Westworld star Thandiwe Newton reclaims her birth name

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Thandiwe Newton. (Photo: Jeff Kravitz/FilmMagic for HBO)
Thandiwe Newton. (Photo: Jeff Kravitz/FilmMagic for HBO)
  • Actor Thandiwe Newton will be using her birth name going forward.
  • This comes after the "W" was "carelessly missing" from her first film credit.
  • She also revealed in an interview with Vogue that a South African journalist in 1998 asked her to "sign a magazine in African".

In an interview with British Vogue, Thandie Newton announced that she will be using her birth name,  Thandiwe (meaning beloved), in her professional career going forward.

Melanie Thandiwe Newton Parker, 48, was born in Westminster, London to a Zimbabwean mother and English father.

Her mother, Nyasha, is of royal lineage and the granddaughter of a Shona chief.

"That’s my name. It’s always been my name. I’m taking back what’s mine," the Westworld star told the publication's Diana Evans.

She added: "The thing I’m most grateful for in our business right now is being in the company of others who truly see me. And to not be complicit in the objectification of Black people as 'others', which is what happens when you’re the only one."

All her future films will be credited with Thandiwe Newton, after "the W was carelessly missed out from her first credit" in the film Flirting released in 1991.

'I'm taking it back'

Following the publication of the interview, Thandiwe tweeted: "The director of my first film asked to use my actual name for the character - because it was authentic and beautiful. I felt flattered and agreed. And then in the credits they used my ‘nickname’ to differentiate from the character name. They stole my name. And I’m taking it back."

She later also shared a correction: "Sincerest apologies from me, for error in @BritishVogue. My name ‘Thandiwe’ is Zulu, my Mother’s tribe is Shona. That’s what happens when you’re separated from your identity for so long, that you forget who you are #ZimbabweanLivesMatter. [sic]"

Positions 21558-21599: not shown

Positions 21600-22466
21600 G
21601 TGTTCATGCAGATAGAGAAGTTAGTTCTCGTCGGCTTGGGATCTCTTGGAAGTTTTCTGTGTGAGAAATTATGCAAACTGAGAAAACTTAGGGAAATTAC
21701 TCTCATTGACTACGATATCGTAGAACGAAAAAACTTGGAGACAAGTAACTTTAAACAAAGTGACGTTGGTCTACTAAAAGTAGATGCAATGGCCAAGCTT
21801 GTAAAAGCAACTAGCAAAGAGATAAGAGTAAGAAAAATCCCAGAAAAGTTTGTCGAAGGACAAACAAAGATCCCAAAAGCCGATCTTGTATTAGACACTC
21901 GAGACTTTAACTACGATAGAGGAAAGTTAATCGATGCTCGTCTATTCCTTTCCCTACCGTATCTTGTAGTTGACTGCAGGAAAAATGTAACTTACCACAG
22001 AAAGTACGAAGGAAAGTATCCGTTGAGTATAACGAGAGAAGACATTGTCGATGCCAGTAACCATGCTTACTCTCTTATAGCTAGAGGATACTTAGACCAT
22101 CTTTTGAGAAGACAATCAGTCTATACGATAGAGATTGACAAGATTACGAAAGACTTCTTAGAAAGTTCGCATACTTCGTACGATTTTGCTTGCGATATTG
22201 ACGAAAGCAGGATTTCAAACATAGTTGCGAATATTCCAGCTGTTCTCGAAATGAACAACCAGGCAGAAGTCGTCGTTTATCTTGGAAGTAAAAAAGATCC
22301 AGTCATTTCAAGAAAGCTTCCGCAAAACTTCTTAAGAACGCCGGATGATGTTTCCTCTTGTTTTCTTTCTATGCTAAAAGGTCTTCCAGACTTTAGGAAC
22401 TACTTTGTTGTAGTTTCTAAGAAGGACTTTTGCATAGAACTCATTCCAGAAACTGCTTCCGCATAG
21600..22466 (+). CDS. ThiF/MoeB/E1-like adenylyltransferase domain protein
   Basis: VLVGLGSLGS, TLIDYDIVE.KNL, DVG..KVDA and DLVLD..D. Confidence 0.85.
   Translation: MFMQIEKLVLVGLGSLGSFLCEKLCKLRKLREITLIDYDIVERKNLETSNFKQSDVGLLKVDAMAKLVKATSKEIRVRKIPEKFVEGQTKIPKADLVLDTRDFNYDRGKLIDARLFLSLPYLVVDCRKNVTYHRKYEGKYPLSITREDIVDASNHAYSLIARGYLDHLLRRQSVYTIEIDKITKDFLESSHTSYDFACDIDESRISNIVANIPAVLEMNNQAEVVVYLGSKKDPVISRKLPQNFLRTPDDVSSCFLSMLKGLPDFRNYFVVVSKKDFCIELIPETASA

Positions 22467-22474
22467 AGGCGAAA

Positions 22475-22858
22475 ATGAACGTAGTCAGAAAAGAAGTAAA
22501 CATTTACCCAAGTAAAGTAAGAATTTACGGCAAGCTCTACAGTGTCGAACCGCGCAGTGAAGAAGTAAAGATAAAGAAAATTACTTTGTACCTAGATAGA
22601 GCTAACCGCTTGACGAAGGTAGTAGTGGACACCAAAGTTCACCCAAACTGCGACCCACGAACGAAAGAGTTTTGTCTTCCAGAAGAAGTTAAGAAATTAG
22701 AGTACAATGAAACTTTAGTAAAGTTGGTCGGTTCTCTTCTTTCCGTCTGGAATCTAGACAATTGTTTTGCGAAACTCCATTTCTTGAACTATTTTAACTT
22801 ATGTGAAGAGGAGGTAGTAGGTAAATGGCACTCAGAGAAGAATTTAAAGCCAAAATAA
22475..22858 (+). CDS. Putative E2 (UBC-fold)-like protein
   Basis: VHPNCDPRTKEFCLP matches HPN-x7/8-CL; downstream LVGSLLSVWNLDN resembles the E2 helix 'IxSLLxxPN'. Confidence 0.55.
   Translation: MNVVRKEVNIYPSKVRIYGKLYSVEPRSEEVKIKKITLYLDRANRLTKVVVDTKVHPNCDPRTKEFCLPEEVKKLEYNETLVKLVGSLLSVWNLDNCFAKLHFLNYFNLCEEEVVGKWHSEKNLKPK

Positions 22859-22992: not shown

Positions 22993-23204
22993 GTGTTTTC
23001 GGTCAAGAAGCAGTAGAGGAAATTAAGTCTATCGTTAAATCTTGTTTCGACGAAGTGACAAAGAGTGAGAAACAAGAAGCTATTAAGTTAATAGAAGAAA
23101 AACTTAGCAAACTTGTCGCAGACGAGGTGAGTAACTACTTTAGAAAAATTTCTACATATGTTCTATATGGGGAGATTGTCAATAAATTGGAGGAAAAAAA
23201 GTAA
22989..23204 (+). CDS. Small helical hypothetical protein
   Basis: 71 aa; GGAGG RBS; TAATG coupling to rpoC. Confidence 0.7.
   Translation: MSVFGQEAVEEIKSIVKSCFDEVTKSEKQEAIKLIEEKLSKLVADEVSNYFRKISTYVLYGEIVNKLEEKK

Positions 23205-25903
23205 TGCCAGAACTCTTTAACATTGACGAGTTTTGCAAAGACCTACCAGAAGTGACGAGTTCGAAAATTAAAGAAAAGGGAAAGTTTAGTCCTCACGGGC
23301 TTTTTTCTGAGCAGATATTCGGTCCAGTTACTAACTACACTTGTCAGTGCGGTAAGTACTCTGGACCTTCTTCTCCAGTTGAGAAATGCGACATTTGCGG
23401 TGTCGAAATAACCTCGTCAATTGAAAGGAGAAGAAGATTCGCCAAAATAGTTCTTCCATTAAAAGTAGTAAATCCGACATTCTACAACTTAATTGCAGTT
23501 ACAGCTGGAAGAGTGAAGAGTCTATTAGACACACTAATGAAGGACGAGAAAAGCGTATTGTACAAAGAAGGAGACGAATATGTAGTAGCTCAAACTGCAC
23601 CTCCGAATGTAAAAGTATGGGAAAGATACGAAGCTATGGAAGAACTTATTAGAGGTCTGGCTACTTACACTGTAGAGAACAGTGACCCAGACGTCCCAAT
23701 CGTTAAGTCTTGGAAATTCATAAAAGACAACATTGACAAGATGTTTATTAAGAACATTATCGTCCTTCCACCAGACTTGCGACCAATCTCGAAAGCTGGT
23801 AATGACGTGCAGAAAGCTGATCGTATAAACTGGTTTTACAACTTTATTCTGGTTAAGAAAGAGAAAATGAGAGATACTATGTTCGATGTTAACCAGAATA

In the interview the actor also reveals that during the release of her 1998 film Beloved she "was asked by a South African Hollywood Foreign Press Association journalist, 'Will you sign my magazine in African?', and this made her rebuff the organisation for years."

Vogue reports that alongside her TV and film commitments, Thandiwe "advocates for the African American Policy Forum and the #sayhername campaign founded by her friend Kimberlé Crenshaw, who coined the term 'intersectionality'.

"She is also a board member of Eve Ensler’s V-Day, through which she has supported women survivors of sexual violence in Congo with the City of Joy project, and helped establish One Billion Rising which campaigns to end violence against women, spurred by the UN statistic that one in three women will be abused in her lifetime.

"Activism now far outweighs acting in order of importance – it meant a lot to Newton that the OBE she was awarded in 2018 was for services to charity as well as to film."

(Source: British Vogue)

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